The Army's Role in Airspace Command and Control of the Warfighter's Airspace
Monograph rept. Jul 2009-May 2010
ARMY COMMAND AND GENERAL STAFF COLL FORT LEAVENWORTH KS SCHOOL OF ADVANCED MILITARY STUDIES
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The Armys role in the Joint Airspace Command and Control system is not adequate to support combat operations effectively on the current and future battlefields of the United States Joint Force. The current and future battlefields of the United States military require an airspace structure capable of integrating airspace among users dynamically in near real-time while operating semi-autonomously. Current joint and service specific doctrine fails to delineate who actually controls increasingly complex combat airspace and fails to establish systems for synergistic operations across the services. Because doctrine fails to establish the proper systems, current airspace command and control AC2 systems do not possess a common air picture for near real time synchronization and deconfliction of airspace users at all echelons. Finally, the Army does not train AC2 based on the belief that this problem belongs to aviators for deconfliction as opposed to commanders for integration. By addressing these three shortcomings, the United States Army can solidify its role in the Airspace Command and Control structure of the joint force. Airspace command and control is inherently joint and must focus on integration instead of deconfliction to support the warfighter on the noncontiguous, complex battlefields of the future.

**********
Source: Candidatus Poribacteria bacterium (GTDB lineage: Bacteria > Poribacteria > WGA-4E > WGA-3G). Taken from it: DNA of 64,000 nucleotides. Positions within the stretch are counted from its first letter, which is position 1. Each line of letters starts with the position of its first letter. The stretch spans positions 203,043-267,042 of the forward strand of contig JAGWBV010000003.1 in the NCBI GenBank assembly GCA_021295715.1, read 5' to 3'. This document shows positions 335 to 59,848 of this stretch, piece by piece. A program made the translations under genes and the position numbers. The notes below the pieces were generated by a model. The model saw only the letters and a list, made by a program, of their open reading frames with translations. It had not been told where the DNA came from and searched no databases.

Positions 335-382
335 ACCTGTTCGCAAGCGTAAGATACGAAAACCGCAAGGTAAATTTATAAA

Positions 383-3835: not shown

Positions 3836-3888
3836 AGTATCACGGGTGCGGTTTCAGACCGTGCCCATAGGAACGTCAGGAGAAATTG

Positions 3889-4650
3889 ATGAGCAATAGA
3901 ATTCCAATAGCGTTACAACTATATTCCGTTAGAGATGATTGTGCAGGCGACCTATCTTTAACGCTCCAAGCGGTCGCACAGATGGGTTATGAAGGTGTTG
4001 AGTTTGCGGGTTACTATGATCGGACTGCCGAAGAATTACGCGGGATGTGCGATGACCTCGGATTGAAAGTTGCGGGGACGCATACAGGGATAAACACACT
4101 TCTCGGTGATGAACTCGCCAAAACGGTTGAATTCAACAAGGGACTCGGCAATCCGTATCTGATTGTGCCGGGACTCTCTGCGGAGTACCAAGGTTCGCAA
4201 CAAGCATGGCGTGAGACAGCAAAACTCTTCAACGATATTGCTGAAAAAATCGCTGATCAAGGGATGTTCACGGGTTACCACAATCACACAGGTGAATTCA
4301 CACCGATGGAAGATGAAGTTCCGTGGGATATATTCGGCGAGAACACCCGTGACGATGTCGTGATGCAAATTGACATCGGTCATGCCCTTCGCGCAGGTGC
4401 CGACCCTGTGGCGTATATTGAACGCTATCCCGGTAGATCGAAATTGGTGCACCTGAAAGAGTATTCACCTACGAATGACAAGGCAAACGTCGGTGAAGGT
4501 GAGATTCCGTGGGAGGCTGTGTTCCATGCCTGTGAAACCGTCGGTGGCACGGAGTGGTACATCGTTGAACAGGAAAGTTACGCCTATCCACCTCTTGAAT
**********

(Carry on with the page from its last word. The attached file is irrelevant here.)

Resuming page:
- Military Aircraft Operations
- Command, Control and Communications Systems